P.S. To add Page event handlers in C# code easily, use inline code instead of a separate code file. The ASPX editor provides the drop down controls to select Page events when in source view. Drag and drop, baby. It’s the future.

Haacked Thursday, October 6, 2005
I don't like how VS.NET 2003 auto generates the Page_Load event handler. I think it's cleaner to override OnLoad.

Perhaps even cleaner is to use a template method approach. Create a base class that inherits from Page. Then declare a method:

public virtual void PageOnBeforeLoad() {};
public virtual void PageOnAfterLoad() {};

Then implement OnLoad in the base class:

public override OnLoad()

Then your page inherits from this base page and you have the option to override whichever method you please, without adding the slight overhead of the event delegation that Page_Load incurs.
patrick Thursday, October 6, 2005
i think another reason, is visualstudio which suddenly removes the events in InitializeComponent ...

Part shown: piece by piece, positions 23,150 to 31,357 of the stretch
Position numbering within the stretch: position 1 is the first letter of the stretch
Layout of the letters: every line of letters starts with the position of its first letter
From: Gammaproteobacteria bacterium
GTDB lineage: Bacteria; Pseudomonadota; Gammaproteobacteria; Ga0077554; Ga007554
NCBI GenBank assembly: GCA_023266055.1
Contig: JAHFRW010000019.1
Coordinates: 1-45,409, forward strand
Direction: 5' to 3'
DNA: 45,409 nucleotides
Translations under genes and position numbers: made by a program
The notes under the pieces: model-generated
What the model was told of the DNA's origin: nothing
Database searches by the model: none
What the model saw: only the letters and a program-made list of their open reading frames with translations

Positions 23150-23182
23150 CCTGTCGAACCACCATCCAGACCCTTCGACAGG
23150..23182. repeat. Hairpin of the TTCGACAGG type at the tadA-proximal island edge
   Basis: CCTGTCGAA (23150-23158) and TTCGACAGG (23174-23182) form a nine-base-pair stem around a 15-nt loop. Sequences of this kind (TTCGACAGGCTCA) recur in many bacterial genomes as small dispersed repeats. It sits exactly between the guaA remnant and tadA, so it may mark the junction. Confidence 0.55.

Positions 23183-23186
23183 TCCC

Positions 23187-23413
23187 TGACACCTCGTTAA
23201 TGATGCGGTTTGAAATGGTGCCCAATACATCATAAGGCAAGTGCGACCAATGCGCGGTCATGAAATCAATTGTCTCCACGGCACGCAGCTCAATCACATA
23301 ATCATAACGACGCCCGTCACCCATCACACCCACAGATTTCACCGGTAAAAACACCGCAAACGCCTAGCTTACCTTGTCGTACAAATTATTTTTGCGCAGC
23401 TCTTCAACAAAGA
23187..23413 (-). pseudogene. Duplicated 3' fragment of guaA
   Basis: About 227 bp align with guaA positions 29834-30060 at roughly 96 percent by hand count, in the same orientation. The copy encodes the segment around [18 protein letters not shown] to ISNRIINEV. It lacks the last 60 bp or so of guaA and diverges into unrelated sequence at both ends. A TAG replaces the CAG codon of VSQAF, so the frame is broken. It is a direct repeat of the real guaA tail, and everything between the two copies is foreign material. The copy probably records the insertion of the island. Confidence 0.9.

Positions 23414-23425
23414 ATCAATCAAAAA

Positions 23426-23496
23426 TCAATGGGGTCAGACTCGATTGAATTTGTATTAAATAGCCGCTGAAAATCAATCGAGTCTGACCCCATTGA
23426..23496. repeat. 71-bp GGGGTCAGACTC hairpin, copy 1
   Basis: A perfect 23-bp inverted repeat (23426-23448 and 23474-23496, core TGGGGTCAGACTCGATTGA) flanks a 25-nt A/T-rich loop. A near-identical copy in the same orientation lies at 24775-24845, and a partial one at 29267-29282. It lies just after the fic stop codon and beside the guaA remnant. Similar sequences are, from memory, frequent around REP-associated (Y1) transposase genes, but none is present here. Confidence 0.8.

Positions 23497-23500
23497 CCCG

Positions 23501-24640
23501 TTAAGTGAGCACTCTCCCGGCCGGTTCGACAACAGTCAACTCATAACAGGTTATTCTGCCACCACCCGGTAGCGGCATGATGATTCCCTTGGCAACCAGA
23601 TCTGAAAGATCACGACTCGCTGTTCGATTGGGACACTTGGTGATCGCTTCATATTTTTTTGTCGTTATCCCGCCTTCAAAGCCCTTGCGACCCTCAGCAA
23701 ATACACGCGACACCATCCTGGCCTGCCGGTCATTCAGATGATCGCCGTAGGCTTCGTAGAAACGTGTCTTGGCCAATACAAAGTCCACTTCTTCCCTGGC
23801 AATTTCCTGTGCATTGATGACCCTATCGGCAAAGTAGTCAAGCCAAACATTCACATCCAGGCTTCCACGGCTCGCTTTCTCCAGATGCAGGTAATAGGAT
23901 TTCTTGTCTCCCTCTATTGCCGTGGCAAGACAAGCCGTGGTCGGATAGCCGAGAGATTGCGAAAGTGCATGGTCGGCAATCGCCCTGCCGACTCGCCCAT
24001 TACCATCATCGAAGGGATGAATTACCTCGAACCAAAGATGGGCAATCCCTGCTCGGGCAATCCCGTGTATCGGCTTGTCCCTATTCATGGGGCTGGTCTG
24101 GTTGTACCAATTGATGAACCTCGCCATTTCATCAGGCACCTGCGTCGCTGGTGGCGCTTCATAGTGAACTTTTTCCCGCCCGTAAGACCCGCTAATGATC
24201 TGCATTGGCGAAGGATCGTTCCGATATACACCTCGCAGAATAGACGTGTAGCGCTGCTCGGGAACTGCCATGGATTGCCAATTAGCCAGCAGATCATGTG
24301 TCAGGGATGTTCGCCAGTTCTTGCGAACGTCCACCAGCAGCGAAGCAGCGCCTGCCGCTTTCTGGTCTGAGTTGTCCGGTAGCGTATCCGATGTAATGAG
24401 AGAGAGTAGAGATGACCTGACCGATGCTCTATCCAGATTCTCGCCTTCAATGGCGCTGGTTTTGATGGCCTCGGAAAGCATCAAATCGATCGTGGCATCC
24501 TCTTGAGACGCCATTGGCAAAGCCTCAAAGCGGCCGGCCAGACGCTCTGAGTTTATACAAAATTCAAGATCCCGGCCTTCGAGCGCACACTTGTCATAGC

Israel Aece Thursday, October 6, 2005
Hello Scott,

I don't like of the "Control_EventName" form. I believe that AutoEventWireup attribute is very powerful feature, but demands the creation delegate in C# (or Handles keyword in VB.NET). In the ASP.NET 2.0 some things are implicitly (or magic?) constructed.

Particularly I don't like Code Inline. Maybe because of the Code Behind elegance and my comfort.

Raghu Thursday, October 6, 2005
C# webforms use AutoEventWireup=”true”.
Using Visual Studio 2003 by default C# webforms has AutoEventWireup="flase"
scott Thursday, October 6, 2005
Not in 2.0, Raghu. In VS2005 the editor will start you with a form and AutoEventWireup=”true”.